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I have just bought Globsat BU353S4 GPS-receiver. Now I have a doubt: it is mandatory to mount it in an horizontal position (i.e. facing the sky) or it can be also tilted of some angle with no perceptible loss in precision?

I'm talking about an ideal situation: two antennas with zero obstacles around them. One is mounted horizontally, while the other has some angle with respect to the terrain.

As I know, usually this patch antennas have a ground plane. Maybe that metallic plane can obstruct the view of one or more satellites... but I'm not sure, this is just a personal speculation.

P.S. I'm struggling to mount it on a motorcycle, so there is not a big choice of places where the antenna can be mounted.

enter image description here

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    \$\begingroup\$ please perform an experiment and ask a question afterward, if you still have a question \$\endgroup\$ – jsotola Oct 13 '19 at 21:13
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    \$\begingroup\$ Google for a 3D image of a "patch antenna radiation pattern" and judge for yourself. \$\endgroup\$ – DKNguyen Oct 13 '19 at 21:42
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    \$\begingroup\$ You asked about "precision". That's not affected. The ability to see satellites and get a fix, is what's affected. \$\endgroup\$ – gbarry Oct 13 '19 at 23:02
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    \$\begingroup\$ @gbarry Precision can be affected. If the receiver can only see a subset of the satellites with less-than-ideal geometry, Dilution Of Precision will be increased. If it sees them through a lower-gain portion of the antenna beam pattern and picks up more terrestrial thermal noise and interference through the higher-gain portion of the pattern, then each pseudorange measurement will be noisier and this will also degrade the solution quality. \$\endgroup\$ – pericynthion Oct 14 '19 at 0:17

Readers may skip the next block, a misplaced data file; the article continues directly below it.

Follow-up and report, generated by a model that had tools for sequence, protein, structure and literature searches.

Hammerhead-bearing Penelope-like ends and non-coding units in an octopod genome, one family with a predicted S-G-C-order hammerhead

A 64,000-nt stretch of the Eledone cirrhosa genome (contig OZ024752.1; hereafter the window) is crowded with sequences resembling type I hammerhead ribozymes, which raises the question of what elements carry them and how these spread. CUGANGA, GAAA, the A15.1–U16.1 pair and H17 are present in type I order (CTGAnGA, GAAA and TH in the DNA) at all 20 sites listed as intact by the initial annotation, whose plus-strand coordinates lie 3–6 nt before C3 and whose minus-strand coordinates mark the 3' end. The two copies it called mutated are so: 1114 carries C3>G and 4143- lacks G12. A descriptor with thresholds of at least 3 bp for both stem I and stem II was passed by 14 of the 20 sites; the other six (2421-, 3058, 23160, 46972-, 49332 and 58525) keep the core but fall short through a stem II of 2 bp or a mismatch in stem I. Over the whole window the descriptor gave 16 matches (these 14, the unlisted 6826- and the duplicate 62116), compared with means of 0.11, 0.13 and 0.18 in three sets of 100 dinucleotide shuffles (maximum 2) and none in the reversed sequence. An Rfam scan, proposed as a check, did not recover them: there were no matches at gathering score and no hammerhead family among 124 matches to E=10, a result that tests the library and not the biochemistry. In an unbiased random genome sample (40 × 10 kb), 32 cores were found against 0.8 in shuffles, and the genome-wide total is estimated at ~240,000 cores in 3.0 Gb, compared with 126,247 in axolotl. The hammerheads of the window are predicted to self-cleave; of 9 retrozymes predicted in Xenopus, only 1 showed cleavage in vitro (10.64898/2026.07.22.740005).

• \$\begingroup\$ @jsotola - I have to build a special alu-bracket with a milling-machine in order to mount the receiver in the intended position on my motorbike. It would be nice to have some (even rough) indication before wasting money and time. \$\endgroup\$ – gimpo Oct 14 '19 at 9:18
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Short answer: yes.

If you look at the radiation pattern you can observe that the antenna "sees" the sky all around with the same "sensitivity" (ie. is omnidirectional). Horizontal mounting is ideal, because the satellites can be anywhere in the sky.

When such an antenna would be mounted at 90 degrees (extreme tilt), then half of the sky would be shielded by the ground plane, so the receiver could get signal from half of the satellites. Most of the time it should be enough to sustain a fix, so I think a small tilt can be accepted.

enter image description here

Picture from: https://www.semanticscholar.org/paper/Installed-Radiation-Pattern-of-Patch-Antennas%3A-on-a-Gao-Wang/2ffd12945b0588bf76fcd0408cc0d9c1c82737d8

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  • \$\begingroup\$ Thanks a lot for the answer. You've confirmed me my suspects. \$\endgroup\$ – gimpo Oct 14 '19 at 10:29

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